El Paso, Texas Considers Ban On E-Cigarettes
The El Paso City Council is slated to hold a public hearing Tuesday to decide whether to treat e-cigarettes like tobacco products under the local smoking ban.
If the Smoke Free Ordinance were modified to include e-cigarettes, the Texas city would join approximately 172 state and local governments that have taken precautionary measures, citing health concerns and differences in health experts’ opinions.
Los Angeles and New York have already banned e-cigarettes in public places. Similar hearings are being conducted simultaneously around the country, with some cities considering the harm a ban would cause to small businesses, as well as reforming smokers, who would prefer not to vape beside regular smokers.
While e-cigarettes have not yet been regulated on a national level, the FDA level is considering classifying them either as tobacco or anti-smoking aides. The FDA recently released the names of two e-cigarette brands which contain carcinogens and a toxic chemical used in antifreeze.
Experts are also concerned about the toxicity of the vapor itself, citing concerns about inflammation, asthma, and lung cancer. One study, published in the journal Addiction in May, found that people who used e-cigarettes over nicotine replacement therapy were 1.63 times more likely to quit regular tobacco smoking.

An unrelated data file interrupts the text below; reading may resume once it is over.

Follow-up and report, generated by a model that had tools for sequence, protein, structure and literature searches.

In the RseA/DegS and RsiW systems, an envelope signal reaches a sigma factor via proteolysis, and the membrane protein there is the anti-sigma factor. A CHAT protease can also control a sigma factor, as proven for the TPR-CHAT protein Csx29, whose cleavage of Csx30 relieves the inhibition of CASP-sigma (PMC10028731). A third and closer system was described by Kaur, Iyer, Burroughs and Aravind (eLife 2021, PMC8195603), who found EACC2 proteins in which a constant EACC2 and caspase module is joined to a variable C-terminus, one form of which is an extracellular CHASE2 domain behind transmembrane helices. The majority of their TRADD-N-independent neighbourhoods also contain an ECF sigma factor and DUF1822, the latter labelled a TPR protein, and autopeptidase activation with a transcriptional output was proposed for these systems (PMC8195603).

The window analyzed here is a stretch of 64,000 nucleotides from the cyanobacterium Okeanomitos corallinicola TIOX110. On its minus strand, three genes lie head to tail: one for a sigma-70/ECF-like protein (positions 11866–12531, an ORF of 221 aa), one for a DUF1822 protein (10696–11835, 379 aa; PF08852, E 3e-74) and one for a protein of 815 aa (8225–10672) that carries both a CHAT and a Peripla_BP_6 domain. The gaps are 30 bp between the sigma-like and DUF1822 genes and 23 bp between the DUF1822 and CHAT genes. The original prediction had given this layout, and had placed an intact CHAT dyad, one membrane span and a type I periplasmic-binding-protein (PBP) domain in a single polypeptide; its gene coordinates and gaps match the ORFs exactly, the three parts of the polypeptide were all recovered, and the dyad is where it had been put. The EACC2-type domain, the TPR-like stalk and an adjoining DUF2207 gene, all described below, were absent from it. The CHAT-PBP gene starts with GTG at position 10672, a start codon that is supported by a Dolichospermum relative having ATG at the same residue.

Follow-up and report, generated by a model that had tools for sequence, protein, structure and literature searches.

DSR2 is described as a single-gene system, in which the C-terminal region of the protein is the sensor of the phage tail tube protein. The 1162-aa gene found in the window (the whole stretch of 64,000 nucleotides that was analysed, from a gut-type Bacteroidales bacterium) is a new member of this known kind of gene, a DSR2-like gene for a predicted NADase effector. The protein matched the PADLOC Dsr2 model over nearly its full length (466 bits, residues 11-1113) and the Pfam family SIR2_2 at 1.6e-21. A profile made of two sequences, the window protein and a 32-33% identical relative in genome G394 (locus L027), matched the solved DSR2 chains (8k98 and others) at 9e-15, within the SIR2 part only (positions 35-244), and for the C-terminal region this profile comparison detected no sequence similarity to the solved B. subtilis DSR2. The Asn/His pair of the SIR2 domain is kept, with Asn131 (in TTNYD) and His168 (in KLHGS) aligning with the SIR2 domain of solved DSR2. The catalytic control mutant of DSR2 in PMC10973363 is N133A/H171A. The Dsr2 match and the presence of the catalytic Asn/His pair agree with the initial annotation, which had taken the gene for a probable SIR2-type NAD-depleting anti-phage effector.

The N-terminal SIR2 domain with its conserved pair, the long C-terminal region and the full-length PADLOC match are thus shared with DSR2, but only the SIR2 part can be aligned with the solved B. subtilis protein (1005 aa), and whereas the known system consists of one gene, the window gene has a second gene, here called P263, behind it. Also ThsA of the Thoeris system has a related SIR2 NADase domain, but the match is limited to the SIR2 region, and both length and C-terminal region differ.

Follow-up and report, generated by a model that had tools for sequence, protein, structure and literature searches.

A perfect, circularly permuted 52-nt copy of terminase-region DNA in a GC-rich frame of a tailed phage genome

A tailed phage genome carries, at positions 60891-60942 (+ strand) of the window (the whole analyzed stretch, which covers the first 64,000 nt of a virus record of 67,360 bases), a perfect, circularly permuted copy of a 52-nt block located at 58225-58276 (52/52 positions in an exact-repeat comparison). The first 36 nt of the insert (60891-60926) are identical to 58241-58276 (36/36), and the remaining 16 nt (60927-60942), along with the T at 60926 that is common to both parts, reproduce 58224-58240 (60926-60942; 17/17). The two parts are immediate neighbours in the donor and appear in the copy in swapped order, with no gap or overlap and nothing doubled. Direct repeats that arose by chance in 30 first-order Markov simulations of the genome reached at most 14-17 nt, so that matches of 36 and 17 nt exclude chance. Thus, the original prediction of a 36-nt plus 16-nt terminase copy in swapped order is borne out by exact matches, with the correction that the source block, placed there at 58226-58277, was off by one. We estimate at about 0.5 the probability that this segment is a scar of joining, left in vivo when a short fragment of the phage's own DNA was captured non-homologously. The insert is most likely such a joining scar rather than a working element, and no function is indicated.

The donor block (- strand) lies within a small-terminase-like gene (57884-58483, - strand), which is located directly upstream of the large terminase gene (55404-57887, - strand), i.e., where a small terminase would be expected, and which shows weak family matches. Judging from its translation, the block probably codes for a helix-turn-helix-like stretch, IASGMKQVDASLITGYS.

A financial relationship was reported between four of the five researchers and “companies that develop and manufacture smoking cessation medications,” but none of them reported a relationship with e-cigarette manufacturers. (RELATED: E-Cigarettes Are 60 Percent More Likely To Help Smokers Quit)
Recent comments submitted by a group of scientists from UCSF and Stanford have called for the FDA to prohibit flavors in all tobacco products, including e-cigarettes.
“The rest of the story is that Glantz and colleagues are essentially calling for a ban on all existing electronic cigarettes. Why? Because every electronic cigarette contains flavors. In fact, the presence of flavors is the only distinguishing characteristic of different brands of e-liquids or cartridges,” said Dr. Michael Siegel, a professor at Boston University School of Health and twenty-five year veteran of tobacco control.
In the meantime, other countries have been moving in the opposite direction, with health experts at NHS Scotland including e-cigarettes as a viable method to help quit smoking. Although they strongly recommend using licensed nicotine replacement therapy, e-cigarettes are noted as an acceptable strategy in harm-reduction, taking the position that “current expert opinion on the limited evidence available suggests that they are likely to be considerably less hazardous than tobacco smoking.”
“There are over 250 brands [of e-cigarettes] on the market today and I guarantee there’s not been research on all 250,” protests Erika Sward, assistant vice president of national advocacy at the American Lung Association, according to Science Line. “There’s nothing to stop a manufacturer from adding additional components, increasing nicotine at any time.”
El Paso’s final city council vote will take place on June 17.
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